Environmental, social, economic and health impact assessment (ESHIA) for a field study of a self-limiting nondrive strain of genetically modified mosquitoes on behalf of Target Malaria
Genetically modified mosquitoes (GMMs) represent great potential for malaria control in the future. Target Malaria – a vector control research alliance based at the Imperial College in London – aims to develop genetic technologies to modify mosquitoes with the ultimate goal to reduce malaria transmission. Target Malaria uses a three-phased approach in this 170-million project funded by the Bill and Melinda Gates Foundation and Open Philantropy. Phase 1, the release of genetically modified sterile males (non-gene drive) in a rural setting in Burkina Faso was completed in 2019. Phase 2 is currently in planning and the mosquitoes at this stage are modified in that (i) they have ~95% of male offspring (male bias) and (ii) the modification is on an autosome, not on a sex chromosome. Therefore, the gene modification is only transmitted to 50% of the offspring and thus dies out (self-limiting, non-gene drive). In a third phase, a gene drive will be explored where the two most promising options are fertile males that produce predominantly male offspring and sterile females.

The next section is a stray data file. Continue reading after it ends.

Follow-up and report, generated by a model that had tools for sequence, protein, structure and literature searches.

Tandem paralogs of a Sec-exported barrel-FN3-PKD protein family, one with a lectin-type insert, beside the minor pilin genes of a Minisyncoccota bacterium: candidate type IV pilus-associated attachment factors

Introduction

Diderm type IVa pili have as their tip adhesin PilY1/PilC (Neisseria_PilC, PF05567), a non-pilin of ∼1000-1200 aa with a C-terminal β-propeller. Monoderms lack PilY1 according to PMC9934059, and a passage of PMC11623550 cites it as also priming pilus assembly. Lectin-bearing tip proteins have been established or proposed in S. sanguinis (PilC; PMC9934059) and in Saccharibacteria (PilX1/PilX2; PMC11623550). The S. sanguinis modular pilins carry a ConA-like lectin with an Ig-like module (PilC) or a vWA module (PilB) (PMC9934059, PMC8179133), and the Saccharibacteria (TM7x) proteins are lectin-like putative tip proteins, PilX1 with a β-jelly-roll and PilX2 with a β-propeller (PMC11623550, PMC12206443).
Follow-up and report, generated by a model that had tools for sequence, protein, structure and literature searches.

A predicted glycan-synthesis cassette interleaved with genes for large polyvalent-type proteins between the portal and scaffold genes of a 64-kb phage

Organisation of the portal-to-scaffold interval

For this phase 2, as part of the regulatory process and in order to apply best practices, a comprehensive Environmental, Social, Economic and Health Impact Assessment (ESHIA) is required by the Burkina Faso regulator and the implementing institutions. The Health Impact Assessment and Vector Control research groups of Swiss TPH have formed a consortium with INSUCO (social impact assessment expertise) and Oryx Expertise (environmental impact assessment expertise) to undertake this ESHIA. The goal of the ESHIA is to comprehensively assess and anticipate any potential environmental, socio-economic and health effects that this project has on the local environment and the population as well as to design a management and monitoring plan for the identified impacts. This fully integrated impact assessment will be the first of its kind for genetically modified mosquitoes and is an important part of the ethical and biosafety considerations indispensable for such a project.